“I never heard of but one kind,” said Diana doubtfully.
“There really is another. Oh, it isn’t wicked at all. It just means vowing and promising solemnly.”
“Well, I don’t mind doing that,” agreed Diana, relieved. “How do you do it?”
“We must join hands—so,” said Anne gravely. “It ought to be over running water. We’ll just imagine this path is running water. I’ll repeat the oath first. I solemnly swear to be faithful to my bosom friend, Diana Barry, as long as the sun and moon shall endure. Now you say it and put my name in.”
Diana repeated the “oath” with a laugh fore and aft. Then she said:
“You’re a queer girl, Anne. I heard before that you were queer. But I believe I’m going to like you real well.”
This is the way they lived…
“I can give Diana half [my chocolate], can’t I? The other half will taste twice as sweet to me if I give some to her. It’s delightful to think I have something to give her.”
… and loved.
“I’ve a compliment for you, Anne,” said Diana….“We heard [the distinguished artist] say ‘Who is that girl on the platform with the splendid Titian hair? She has a face I should like to paint.’ There now, Anne.
Anne panicked when she accidentally got Diana drunk on currant wine (shades of Paige McCullers)
“Oh, Mrs. Barry, please forgive me. I did not mean to—to—intoxicate Diana. How could I? Just imagine if you were a poor little orphan girl that kind people had adopted and you had just one bosom friend in all the world. Do you think you would intoxicate her on purpose? I thought it was only raspberry cordial. I was firmly convinced it was raspberry cordial. Oh, please don’t say that you won’t let Diana play with me any more. If you do you will cover my life with a dark cloud of woe.”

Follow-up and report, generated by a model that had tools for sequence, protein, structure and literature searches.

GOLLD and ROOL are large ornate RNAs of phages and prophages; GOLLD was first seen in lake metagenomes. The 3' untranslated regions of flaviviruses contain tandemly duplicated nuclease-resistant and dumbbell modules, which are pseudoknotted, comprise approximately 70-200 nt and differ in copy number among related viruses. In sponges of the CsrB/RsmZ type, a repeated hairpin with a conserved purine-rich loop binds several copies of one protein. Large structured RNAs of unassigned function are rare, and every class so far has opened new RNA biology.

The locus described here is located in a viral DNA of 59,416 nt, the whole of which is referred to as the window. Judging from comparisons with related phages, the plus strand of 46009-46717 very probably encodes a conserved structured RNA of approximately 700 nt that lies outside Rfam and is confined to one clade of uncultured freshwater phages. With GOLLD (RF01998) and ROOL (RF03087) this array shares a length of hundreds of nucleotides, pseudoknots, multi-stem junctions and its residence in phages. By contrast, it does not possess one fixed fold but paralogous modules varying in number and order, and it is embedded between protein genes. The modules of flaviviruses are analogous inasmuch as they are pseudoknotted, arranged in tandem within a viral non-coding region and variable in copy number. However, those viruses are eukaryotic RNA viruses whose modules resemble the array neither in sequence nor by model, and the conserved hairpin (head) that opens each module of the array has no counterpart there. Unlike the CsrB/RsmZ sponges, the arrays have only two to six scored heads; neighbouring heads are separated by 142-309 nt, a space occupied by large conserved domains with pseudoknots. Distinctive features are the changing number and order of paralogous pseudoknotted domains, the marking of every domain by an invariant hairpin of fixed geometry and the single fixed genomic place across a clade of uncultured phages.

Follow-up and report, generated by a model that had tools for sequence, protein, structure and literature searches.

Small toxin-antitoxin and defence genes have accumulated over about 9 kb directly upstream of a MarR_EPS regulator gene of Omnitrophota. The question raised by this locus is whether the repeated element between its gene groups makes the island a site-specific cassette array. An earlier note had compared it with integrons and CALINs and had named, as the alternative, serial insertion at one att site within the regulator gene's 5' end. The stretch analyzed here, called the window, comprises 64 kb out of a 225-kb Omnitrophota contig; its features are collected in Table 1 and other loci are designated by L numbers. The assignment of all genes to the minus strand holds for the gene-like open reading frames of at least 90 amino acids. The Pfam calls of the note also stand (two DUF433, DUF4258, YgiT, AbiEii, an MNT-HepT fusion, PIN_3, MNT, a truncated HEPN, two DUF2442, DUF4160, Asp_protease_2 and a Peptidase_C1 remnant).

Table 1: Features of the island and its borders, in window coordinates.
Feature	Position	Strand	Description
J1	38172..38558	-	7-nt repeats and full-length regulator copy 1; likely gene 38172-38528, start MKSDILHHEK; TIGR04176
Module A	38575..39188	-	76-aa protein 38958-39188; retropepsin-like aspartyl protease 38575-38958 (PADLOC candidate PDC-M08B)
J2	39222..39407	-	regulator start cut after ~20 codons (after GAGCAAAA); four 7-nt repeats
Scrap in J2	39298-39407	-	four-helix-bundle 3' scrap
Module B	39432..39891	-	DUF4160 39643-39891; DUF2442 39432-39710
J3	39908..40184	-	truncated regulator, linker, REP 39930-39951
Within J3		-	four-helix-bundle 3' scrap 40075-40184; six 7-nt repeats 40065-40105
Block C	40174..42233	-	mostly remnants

And then Diana’s mom made them break up!
“No; and oh, Anne, she says I’m never to play with you again. I’ve cried and cried and I told her it wasn’t your fault, but it wasn’t any use. I had ever such a time coaxing her to let me come down and say good-bye to you. She said I was only to stay ten minutes and she’s timing me by the clock.”
“Ten minutes isn’t very long to say an eternal farewell in,” said Anne tearfully. “Oh, Diana, will you promise faithfully never to forget me, the friend of your youth, no matter what dearer friends may caress thee?”
“Indeed I will,” sobbed Diana, “and I’ll never have another bosom friend—I don’t want to have. I couldn’t love anybody as I love you.”
“Oh, Diana,” cried Anne, clasping her hands, “do you love me?”
“Why, of course I do. Didn’t you know that?”
“No.” Anne drew a long breath. “I thought you liked me of course but I never hoped you loved me. Why, Diana, I didn’t think anybody could love me. Nobody ever has loved me since I can remember. Oh, this is wonderful! It’s a ray of light which will forever shine on the darkness of a path severed from thee, Diana. Oh, just say it once again.”